Reaction times (RT) were based on the median time between target onset and target hit across all correct trials per participant (i.e., RT’s faster than one second and hits on the target). Hit distance was the mean Euclidian distance in visual degrees between the mouse cursor and target’s center at the time of the mouse click (i.e., the hit) across all correct trials. Number of misses was based on the amount of trials in which participant’s made an inaccurate movement and clicked the mouse while the cursor was off the target.

Pupil size was computed with custom software through several image processing steps. First, a manually set region of interest in the recorded images of the eye was transformed to binary image patches (i.e., two bit images with only zero or one values) by setting a luminance threshold per participant. Second, the center of the pupil was calculated by taking the median of x and y positions of all pixels in the darker region of the binary image (i.e., image locations with a zero value). Third, the pupil’s border was detected with a contrast analysis of 72 linear image lines (“rays”) that were extracted from the original image regions. The lines were radially aligned around the pupil’s center and extended from here to the periphery with a radius of 255 pixels (i.e., well beyond the pupil’s border). A strong increase in contrast in the image line indicated the pupil’s border. Last, pupil diameter was computed by taking the median of all radial distances from pupil center to the detected borders, resulting in an accurately fitted circle around the pupil (Fig. 1c). Due to strong camera zooming, which allowed accurate pupil size extraction, the depth of view got quite narrow and the proportional area of image covered by the pupil got large. These factors increased the likelihood that the pupil would move out of image borders or camera’s focus. Pupil size measurements therefore failed for two participants (both 18 years old; 1 female; body mass index 25.3 and 29.8; 1 took a placebo and the other choline in the first session) because they were unable to maintain their head fixed. For the same reason pupil measurements of two and three additional participants failed during the second-last and last recording, respectively.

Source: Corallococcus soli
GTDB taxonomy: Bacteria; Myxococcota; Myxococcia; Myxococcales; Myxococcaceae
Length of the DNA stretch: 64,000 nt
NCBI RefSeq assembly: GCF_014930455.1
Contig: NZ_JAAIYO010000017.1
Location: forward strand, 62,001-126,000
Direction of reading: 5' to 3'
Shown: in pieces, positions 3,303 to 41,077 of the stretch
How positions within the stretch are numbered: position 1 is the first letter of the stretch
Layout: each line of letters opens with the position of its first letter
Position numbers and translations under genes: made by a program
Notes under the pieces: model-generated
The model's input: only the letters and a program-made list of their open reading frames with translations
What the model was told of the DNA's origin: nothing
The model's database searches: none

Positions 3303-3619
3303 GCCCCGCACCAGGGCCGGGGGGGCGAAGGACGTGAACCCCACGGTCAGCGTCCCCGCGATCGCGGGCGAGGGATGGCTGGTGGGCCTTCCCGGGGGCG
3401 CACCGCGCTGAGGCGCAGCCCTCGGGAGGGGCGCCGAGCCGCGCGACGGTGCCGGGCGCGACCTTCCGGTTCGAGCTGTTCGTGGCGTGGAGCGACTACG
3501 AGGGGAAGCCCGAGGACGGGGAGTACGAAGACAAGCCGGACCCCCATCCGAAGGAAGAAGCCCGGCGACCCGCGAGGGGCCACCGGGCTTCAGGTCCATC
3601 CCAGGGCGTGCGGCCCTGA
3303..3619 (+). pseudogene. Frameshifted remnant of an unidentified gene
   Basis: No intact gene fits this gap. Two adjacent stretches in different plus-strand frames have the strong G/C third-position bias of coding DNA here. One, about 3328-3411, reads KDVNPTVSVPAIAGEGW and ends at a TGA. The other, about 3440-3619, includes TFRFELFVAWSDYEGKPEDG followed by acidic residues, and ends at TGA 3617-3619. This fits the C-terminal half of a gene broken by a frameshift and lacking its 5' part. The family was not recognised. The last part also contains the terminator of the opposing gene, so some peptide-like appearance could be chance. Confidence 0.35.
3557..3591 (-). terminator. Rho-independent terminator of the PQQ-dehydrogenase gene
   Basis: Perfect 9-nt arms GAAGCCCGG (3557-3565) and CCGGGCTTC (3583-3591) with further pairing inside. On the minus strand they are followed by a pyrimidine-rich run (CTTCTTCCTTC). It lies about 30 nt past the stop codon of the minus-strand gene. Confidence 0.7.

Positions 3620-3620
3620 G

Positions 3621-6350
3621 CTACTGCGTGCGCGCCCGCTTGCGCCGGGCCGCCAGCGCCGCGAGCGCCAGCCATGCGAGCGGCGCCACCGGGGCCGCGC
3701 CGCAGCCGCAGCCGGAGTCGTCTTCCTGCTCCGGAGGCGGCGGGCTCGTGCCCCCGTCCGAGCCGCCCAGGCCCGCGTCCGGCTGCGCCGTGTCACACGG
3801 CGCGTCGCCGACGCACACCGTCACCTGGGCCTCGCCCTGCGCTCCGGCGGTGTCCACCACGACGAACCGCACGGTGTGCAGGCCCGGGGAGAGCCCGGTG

We tested for the effects of choline on reaction times and hit distance with paired samples, two-sided t-tests. The percentage change in pupil size was calculated by subtracting and subsequently dividing pupil size in subsequent measurements by pupil size in the first measurement. Effects on pupil size were tested with a two-way repeated measure ANOVA with supplementation (choline vs. placebo) and measurement time after the first assessment at the start of the session as factors. Post-hoc one-tailed paired samples t-tests indicated at which time point choline significantly decreased pupil size as compared to placebo. We computed two-sided Pearson correlations coefficients to assess the relationship between changes in pupil size and differences in reaction time and accuracy between choline and placebo conditions across several time points during the experiment. Of particular interest was the pupil measurement right after the assessment of visuomotor performance because these correlations were subject to less noise due to the shorter time lapse between the measurements of the two variables. Missing data of the last pupil assessments of three participants were linearly interpolated for the ANOVA but not for the post-hoc comparisons and correlations. A false discovery rate correction was applied to the p-values of the correlations per assessment during the experiment45. We additionally conducted a bootstrap with replacement procedure on the correlation data to calculate the confidence intervals on 1000 newly acquired coefficients per data set.